At Visit Salt Lake, Beck’s team hunkered down and started immediately working on filling the near-term gap that the loss of the Outdoor Retailer show created. “Because it was an unexpected—or at least an early departure for the show—we were faced with a need for a short-term focus of our direct sales efforts. We re-deployed two positions, allocating some of our funds to go toward cooperative sales and marketing efforts with our major hotel partners to strategically target individual property level or short-term business,” said Beck.
Greg Newland recalls that his marketing team looked for ways to capitalize on the show’s success without putting all their eggs in the Portlandia basket: “We trusted that our customers would get the jokes. So, it wasn’t a situation for us to address; rather, it was an opportunity for us to leverage. That said, we knew we also needed to tell lots of non-Portlandia stories, because Portland is not just one thing (even if one of the things is a popular sketch-comedy show). And we continue to look for ways to celebrate the current moment, but not fetishize it. We can’t get too precious with it, because Portland will continue to change, as it always has.”
For Chuck Davison, it meant he and the rest of the Visit SLO CAL team needed to spring into action. “In the weeks that followed [the landslide], our team made over 120 in-person visits to hotels, vacation rental management companies, B&Bs, RV Parks, Chambers and Welcome Centers, delivering laminated re-route maps and directions along with talking points to assist in correct and consistent communications. We developed a landing page to house all of the information and updates. We provided digital copies of the documents that partners could use in communications and on their websites and pushed the materials through our DMO and Welcome Center partners as far south as Anaheim and as far north as San Francisco. We launched co-op marketing to showcase the destinations along the north coast of Highway 1 as open and accessible.”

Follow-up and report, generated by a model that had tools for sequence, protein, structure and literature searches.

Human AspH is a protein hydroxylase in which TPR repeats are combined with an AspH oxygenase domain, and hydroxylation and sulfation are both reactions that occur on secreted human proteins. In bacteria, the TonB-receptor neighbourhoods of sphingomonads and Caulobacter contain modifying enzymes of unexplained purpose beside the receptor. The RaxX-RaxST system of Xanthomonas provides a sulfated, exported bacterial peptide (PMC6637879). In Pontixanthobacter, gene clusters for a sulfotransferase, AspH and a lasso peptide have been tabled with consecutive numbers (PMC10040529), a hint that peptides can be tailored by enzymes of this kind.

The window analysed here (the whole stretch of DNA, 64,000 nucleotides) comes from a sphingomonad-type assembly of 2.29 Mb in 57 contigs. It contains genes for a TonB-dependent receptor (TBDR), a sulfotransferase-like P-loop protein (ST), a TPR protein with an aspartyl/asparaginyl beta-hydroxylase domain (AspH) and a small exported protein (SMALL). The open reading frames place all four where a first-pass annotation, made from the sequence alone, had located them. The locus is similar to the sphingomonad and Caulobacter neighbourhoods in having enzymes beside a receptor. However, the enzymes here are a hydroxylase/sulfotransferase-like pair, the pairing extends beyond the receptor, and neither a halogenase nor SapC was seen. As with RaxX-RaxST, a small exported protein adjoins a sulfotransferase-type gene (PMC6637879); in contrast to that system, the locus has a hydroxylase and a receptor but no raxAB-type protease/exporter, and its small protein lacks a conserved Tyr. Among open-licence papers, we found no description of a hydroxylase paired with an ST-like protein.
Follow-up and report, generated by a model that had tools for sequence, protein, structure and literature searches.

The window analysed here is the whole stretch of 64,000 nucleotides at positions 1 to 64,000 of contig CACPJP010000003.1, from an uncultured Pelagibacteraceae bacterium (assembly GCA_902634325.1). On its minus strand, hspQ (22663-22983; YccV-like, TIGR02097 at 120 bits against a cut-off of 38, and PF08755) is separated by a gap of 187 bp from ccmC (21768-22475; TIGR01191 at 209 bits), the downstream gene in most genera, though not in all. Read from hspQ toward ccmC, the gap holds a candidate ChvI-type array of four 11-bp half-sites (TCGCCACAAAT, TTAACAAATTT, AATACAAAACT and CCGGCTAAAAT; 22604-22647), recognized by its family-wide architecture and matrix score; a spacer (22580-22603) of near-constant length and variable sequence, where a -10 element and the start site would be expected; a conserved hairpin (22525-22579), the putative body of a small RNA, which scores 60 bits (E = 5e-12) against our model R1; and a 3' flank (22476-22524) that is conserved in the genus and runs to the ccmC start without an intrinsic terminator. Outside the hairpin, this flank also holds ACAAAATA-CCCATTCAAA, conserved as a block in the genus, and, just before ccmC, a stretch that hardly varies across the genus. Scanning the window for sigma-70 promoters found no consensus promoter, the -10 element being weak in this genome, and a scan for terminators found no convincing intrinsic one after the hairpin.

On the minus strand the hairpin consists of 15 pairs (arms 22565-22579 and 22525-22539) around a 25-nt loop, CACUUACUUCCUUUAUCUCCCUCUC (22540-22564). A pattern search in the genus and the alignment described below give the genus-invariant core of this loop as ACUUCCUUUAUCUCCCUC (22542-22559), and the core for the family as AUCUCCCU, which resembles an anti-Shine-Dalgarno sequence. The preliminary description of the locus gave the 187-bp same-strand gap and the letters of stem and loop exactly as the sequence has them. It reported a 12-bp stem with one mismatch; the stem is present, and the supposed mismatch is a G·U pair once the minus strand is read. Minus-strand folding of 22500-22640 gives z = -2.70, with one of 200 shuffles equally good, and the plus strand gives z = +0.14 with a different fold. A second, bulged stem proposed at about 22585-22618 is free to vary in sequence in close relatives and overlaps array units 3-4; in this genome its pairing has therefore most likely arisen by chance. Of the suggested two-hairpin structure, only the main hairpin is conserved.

It also meant that Visit SLO CAL needed to reach out beyond the organization to organize the response: “I focused on doing the work that others were not prepared or able to do. I began advocating for our region and worked closely with Visit California. I conducted outreach to our regional elected officials, and began working with their staff to amplify the issue. I met with our Assemblyman, Senator and Lt. Governor, sharing with them the negative economic impact the closure was having on tourism, our local partners and tax revenue. I asked for their assistance with encouraging Caltrans to work faster and more efficiently to rebuild the road; we also discussed the importance of working to announce a plan and timeline for the re-opening.”